Chefs & software engineers: what do they have in common?

A few weeks ago I watched Jiro Dreams of Sushi on Netflix, and I was very inspired by the story of Jiro Ono - an 89 year old sushi master from Tokyo considered as the greatest sushi craftsman alive.

3 months ago   •   2 min read

By Cecilia Konopelski

A few weeks ago I watched Jiro Dreams of Sushi on Netflix, and I was very inspired by the story of Jiro Ono - an 89 year old sushi master from Tokyo considered as the greatest sushi craftsman alive. He owns Sukiyabashi Jir: a three-Michelin-starred Japanese sushi restaurant based in Tokyo, Japan.

Jiro shows consistently his passion throughout the documentary. He wakes up early morning and goes to his restaurant with the intention to work harder and perform better than ever before, even though he's been already recognised worldwide. In his own words, he says “All I want to do is make better Sushi” and he does it with the spirit of a Shokunin.

“The Japanese word shokunin is defined by both Japanese and Japanese-English dictionaries as ‘craftsman’ or ‘artisan,’ but such a literal description does not fully express the deeper meaning. The Japanese apprentice is taught that shokunin means not only having technical skills but also implies an attitude and social consciousness. … The shokunin has a social obligation to work his/her best for the general welfare of the people. This obligation is both spiritual and material, in that no matter what it is, the shokunin’s responsibility is to fulfill the requirement.” — Tasio Orate.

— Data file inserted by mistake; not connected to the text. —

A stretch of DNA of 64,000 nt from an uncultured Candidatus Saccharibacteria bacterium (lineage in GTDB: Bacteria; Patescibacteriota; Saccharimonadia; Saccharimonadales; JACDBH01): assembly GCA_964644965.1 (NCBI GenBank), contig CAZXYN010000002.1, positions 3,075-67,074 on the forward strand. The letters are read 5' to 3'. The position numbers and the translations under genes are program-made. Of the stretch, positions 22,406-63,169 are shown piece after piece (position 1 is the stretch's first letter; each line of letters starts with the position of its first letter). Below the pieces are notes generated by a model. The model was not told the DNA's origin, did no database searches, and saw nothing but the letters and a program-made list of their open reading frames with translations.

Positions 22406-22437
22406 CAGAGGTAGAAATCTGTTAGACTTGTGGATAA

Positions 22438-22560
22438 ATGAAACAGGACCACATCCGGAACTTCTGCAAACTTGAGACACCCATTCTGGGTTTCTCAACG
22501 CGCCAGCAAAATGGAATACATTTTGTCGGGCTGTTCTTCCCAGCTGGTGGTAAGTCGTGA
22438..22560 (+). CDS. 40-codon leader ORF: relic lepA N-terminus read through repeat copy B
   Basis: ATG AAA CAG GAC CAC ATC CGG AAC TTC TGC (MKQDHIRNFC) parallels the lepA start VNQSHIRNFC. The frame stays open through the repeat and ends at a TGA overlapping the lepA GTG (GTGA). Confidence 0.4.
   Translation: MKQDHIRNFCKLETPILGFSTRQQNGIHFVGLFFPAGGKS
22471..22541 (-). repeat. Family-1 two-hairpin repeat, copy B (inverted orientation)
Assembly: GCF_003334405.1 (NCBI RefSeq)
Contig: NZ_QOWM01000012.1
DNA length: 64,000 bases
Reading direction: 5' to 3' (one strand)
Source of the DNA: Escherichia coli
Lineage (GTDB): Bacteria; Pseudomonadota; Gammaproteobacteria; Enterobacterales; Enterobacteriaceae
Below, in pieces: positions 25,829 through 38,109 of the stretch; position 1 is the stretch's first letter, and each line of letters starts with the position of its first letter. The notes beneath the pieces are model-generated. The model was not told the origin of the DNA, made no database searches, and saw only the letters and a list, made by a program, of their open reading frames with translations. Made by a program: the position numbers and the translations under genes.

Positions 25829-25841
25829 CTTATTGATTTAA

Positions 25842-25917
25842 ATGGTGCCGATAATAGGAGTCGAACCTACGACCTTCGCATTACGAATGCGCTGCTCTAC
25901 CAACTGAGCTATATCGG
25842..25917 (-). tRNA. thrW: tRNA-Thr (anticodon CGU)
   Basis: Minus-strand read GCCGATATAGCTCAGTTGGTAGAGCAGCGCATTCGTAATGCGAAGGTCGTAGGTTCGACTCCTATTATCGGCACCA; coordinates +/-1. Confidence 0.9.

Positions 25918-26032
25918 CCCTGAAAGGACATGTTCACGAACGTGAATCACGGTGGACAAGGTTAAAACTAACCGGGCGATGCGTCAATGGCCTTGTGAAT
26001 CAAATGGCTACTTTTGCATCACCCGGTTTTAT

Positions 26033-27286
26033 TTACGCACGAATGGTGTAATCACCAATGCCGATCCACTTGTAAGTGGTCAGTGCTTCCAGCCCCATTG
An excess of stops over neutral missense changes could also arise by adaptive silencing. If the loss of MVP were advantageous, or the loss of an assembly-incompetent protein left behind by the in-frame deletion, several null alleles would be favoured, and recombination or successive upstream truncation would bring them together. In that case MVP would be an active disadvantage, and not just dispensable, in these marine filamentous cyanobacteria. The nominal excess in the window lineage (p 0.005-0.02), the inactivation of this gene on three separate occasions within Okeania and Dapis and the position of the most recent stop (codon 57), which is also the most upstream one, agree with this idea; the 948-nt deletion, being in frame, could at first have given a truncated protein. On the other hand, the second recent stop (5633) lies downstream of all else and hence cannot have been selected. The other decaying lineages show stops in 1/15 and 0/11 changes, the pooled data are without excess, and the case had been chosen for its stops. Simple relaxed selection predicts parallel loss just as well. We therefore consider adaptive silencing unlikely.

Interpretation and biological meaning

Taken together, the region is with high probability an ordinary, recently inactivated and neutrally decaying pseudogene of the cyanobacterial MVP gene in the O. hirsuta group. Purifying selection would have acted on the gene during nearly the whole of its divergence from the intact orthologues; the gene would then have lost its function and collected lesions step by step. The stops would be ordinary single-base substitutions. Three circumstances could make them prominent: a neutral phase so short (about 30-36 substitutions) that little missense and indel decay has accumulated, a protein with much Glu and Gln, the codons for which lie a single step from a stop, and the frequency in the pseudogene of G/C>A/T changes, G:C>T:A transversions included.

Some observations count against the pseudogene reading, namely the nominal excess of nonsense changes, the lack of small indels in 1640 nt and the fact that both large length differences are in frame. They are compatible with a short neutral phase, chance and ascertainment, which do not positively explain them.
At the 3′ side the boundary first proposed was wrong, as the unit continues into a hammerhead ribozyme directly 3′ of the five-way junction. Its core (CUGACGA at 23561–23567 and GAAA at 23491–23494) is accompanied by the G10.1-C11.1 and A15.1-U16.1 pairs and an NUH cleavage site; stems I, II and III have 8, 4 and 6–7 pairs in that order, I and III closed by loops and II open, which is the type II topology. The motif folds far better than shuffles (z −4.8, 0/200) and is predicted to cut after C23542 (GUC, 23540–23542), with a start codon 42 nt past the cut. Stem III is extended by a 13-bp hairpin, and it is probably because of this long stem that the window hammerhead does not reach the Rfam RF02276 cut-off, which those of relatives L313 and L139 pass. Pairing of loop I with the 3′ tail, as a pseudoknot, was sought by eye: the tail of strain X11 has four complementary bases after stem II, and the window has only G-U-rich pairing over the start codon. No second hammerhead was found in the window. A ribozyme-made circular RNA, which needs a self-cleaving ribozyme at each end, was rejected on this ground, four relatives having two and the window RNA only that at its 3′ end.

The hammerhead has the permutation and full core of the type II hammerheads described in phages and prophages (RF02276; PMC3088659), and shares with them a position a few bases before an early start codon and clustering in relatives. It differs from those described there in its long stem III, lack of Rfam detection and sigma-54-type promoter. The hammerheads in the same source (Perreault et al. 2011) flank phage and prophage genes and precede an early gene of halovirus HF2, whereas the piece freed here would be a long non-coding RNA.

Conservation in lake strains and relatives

Developers working hard
Photo by Tim van der Kuip / Unsplash

In the film it is mentioned that a great chef constantly shows 5 attributes. After I listened to them, I couldn't help drawing a comparison between the craftsmanship displayed by Jiro and his team and the one demonstrated by the dedicated and highly professional software engineers that I've met:

  • They take their work very seriously and consistently perform at the highest level.
  • They aspire to improve their skills. A good software engineer, as well as a chef, never stays away from new techniques, ingredients and trends.
  • Cleanliness. The food is not going to taste good if the restaurant is not clean. In the same way, software engineers won't be able to thrive in a dirty environment, full of bad practices, poor code quality or with lack of a delivery mindset
  • Impatience. They are stubborn and insist on having things their own way. Good software engineers are eager to deliver their code (but also they can wait, in order to do the right thing).
  • What ties these attributes together is passion. That’s what makes a great chef - that's what makes a great software engineer too.

The legend of Jiro lives on to inspire an entire generation towards the principles of craftsmanship (Shokunin). It should be an inspiration for every software engineer in this world as well.

Do your thing just a bit better than yesterday, and do this every single day.

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